Conference at Bates explores women’s ritual activities in ancient times
In ancient times, says Bates classicist Lisa Maurizio, “women were significant actors in funerary practices. We know women composed and chanted songs for those rites. Many scholars argue that through their laments they influenced the tradition of epic poetry,” such as the works of Homer.
Women’s lament is one of the topics that international scholars will take up at Bates next week as the college hosts the conference Women’s Ritual Competence in the Ancient Mediterranean April 25–27.
The conference looks at a variety of women’s ritual activities, such as lamentation, prophecy, magical incantation, prayer, weaving and sacrifice.
“Competence” in the conference title, she adds, refers to the fact that the women in question were “participants in and constructors of the divine — how the divine was understood, imagined and worshipped.”
The conference will bring together classicists in a variety of disciplines: archaeology; art history; philology, the study of literary language; and epigraphy, the study of ancient inscriptions, especially on stone.
Maurizio’s co-organizers are Esther Eidinow, a historian of ancient Greece at the University of Nottingham in England, and Matthew Dillon, a professor of the humanities at the University of New England — not the UNE in Maine, but the school in Armidale, Australia, northwest of Sydney.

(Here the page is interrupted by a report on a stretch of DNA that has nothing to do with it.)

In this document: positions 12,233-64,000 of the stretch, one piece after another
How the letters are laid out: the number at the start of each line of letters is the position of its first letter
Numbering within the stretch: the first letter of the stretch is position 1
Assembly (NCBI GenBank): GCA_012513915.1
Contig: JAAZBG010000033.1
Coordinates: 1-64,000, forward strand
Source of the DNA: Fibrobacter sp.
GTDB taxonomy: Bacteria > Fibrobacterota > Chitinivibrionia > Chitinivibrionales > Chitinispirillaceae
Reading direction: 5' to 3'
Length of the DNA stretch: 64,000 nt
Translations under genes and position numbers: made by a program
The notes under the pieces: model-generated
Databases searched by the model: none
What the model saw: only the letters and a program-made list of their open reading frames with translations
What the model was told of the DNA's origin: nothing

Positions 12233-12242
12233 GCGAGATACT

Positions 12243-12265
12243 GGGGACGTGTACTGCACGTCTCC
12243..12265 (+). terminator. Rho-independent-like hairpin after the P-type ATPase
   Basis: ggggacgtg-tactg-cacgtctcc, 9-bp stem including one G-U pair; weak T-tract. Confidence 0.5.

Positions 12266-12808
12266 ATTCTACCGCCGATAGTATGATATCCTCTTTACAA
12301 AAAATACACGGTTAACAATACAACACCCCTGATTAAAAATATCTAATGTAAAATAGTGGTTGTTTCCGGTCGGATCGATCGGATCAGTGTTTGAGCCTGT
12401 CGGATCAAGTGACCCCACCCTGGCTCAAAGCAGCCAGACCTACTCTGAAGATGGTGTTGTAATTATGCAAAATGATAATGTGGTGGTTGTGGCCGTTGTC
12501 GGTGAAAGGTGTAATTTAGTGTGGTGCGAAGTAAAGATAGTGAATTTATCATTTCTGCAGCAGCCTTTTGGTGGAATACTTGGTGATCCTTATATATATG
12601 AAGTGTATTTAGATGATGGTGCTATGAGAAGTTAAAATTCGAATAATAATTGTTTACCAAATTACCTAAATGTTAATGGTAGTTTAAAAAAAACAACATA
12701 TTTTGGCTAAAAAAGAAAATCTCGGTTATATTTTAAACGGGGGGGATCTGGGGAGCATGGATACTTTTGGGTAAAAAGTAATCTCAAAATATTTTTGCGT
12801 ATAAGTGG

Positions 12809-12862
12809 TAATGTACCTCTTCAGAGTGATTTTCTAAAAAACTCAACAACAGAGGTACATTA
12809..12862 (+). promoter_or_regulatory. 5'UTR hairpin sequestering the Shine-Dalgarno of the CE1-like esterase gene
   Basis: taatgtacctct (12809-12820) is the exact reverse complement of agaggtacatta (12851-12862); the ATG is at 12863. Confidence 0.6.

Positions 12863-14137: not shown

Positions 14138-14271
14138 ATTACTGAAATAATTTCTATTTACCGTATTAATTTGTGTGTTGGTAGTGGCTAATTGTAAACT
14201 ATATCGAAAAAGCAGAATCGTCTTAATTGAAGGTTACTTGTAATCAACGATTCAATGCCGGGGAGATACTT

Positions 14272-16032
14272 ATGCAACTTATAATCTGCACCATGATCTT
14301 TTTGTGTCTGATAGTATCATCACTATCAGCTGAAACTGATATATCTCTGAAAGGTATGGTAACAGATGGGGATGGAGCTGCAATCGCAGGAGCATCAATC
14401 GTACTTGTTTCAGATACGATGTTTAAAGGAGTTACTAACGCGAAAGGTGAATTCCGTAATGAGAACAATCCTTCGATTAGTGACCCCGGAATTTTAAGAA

Bates presenters at the conference are:
Rhetoric professor Stephanie Kelley-Romano, with “Symbolic Ritualization of Reproduction/Reproductive Anxieties in Alien Abduction Narratives”; Maurizio herself, whose talk is titled “Delphic Oracles: Occasional Verse and Ritual Competence”; and a colleague in classical and medieval studies, Laurie O’Higgins, who will discuss the ritual and symbolic dimensions of Penelope’s “web” — the robe Odysseus’ wife wove by day and unraveled at night .
Presenters at the Bates event include experts in ancient textiles, writings on stone and statuettes from Italy.
“We’re interested in a range of types of ancient evidence, not just literary texts,” Maurizio says. “We look at how these objects were used in the social world — how they indicated status, how they moved from person to person.
“For example, women in antiquity often gave soft gifts, like textiles, and dedicated them to gods and goddesses. Men often exchanged hard objects, such as metal weaponry.
“If you begin to look at these items beyond their immediate use, they give you insight into much broader social processes and structures.”
For more information about the conference, please contact Lisa Maurizio at email@example.com. The conference is made possible by support from The Costas and Mary Maliotis Charitable Foundation.
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